O(1) doesn't refer to any length of time. A single operation could take .001 ms on a webservice and 100 seconds in a database and they both could be using O(1) functions:
It's hard to know quite what you're asking. If you're asking whether accessing a local database is generally faster than accessing a similar service over the internet, then I expect that, generally, the answer is that the local database will be faster. The call over the internet to the web service has a lot of overhead and communication over internet is relatively slow. Evan on a slow computer a databases can perform many thousands of simple queries per second. Contrast that with access over the internet, where you'd be lucky to get 50 round trip requests per second, not even accounting for time it takes to perform the requested operation on the server.
If you're asking whether a server on the web can serve data faster by avoiding a database and calculating results directly, then the answer is it depends. The call to the database in this case adds unnecessary overhead if the data in it can be easily calculated in a stand-alone function. The answer to this question doesn't really have anything to do with a "web service". Is it faster to calculate an answer in a function or to access the answer using a query on a database? As I said, the answer would depend on the complexity of the particular function you had to use, and weighing its computation time against the overhead of accessing the answer (or part of the answer) directly from a database.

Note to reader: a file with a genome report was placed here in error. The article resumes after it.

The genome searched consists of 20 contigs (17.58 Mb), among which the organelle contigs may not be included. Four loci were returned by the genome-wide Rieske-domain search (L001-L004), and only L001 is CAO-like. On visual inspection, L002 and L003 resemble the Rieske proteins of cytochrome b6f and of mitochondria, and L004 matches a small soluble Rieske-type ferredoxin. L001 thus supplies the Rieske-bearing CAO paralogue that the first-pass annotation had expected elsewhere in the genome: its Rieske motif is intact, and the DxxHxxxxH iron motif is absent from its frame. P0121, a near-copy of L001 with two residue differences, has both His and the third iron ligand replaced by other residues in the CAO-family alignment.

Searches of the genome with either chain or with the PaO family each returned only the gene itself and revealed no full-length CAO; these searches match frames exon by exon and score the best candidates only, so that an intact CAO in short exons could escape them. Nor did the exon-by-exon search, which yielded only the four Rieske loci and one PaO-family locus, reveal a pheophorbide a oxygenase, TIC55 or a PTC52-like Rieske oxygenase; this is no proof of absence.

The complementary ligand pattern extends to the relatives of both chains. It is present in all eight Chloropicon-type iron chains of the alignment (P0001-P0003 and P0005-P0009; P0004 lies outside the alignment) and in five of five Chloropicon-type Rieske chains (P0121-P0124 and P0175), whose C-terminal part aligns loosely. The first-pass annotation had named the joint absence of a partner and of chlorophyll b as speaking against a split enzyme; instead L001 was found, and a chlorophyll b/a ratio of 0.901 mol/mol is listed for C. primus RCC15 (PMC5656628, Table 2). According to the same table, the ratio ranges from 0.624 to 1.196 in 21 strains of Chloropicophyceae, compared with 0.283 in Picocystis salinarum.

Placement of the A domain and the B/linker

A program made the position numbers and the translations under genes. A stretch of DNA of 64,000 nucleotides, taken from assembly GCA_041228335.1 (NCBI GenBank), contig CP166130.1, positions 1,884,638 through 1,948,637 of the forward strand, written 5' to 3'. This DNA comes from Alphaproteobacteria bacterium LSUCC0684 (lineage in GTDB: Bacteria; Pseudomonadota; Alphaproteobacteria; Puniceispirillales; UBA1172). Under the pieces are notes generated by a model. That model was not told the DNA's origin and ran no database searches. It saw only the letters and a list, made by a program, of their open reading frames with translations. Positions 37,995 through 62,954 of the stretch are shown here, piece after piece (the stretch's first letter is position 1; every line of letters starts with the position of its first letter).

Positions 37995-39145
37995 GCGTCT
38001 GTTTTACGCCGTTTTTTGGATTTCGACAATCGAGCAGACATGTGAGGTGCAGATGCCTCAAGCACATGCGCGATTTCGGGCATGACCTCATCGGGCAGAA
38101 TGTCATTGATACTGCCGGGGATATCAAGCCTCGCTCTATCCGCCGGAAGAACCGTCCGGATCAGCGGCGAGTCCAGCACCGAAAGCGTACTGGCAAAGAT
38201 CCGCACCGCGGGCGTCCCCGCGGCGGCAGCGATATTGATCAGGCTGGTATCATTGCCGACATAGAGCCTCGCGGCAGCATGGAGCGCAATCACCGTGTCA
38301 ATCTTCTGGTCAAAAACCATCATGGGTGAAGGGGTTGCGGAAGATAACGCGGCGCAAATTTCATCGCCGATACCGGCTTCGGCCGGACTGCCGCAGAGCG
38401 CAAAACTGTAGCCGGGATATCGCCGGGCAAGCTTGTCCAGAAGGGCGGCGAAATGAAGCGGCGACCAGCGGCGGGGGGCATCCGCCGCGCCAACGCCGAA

In short, the answer to your question depends on what exactly you're asking. It would also probably help to know why you're asking the question. I have a suspicion that the real answer is that this probably isn't something you need to worry about, not really a practical concern unless you have a particular situation requiring optimization.
If you're concerned about comparison of speed when webservice and database are both on a lan, I'm pretty sure the overhead of the db is a less than the webservice. The application typically maintains a stateful connection(s) to the db, while requests to a webservice are via http, which is stateless, relatively higher overhead, and slower. Could be wrong, though. Best answer would be to whip up a simple webservice, query, and (1) measure time it takes to retrieve results using both methods, and compare, and/or (2) create an app that opens a lot of threads and do some load testing.
A caveat: If your app doesn't maintain an open connection or have access to a pool of connections with the db, then the db alternative may well be slower. Initial creation of a db connection can be relatively slow. But that shouldn't figure into things, since you should write your app so that an open connection is always maintained.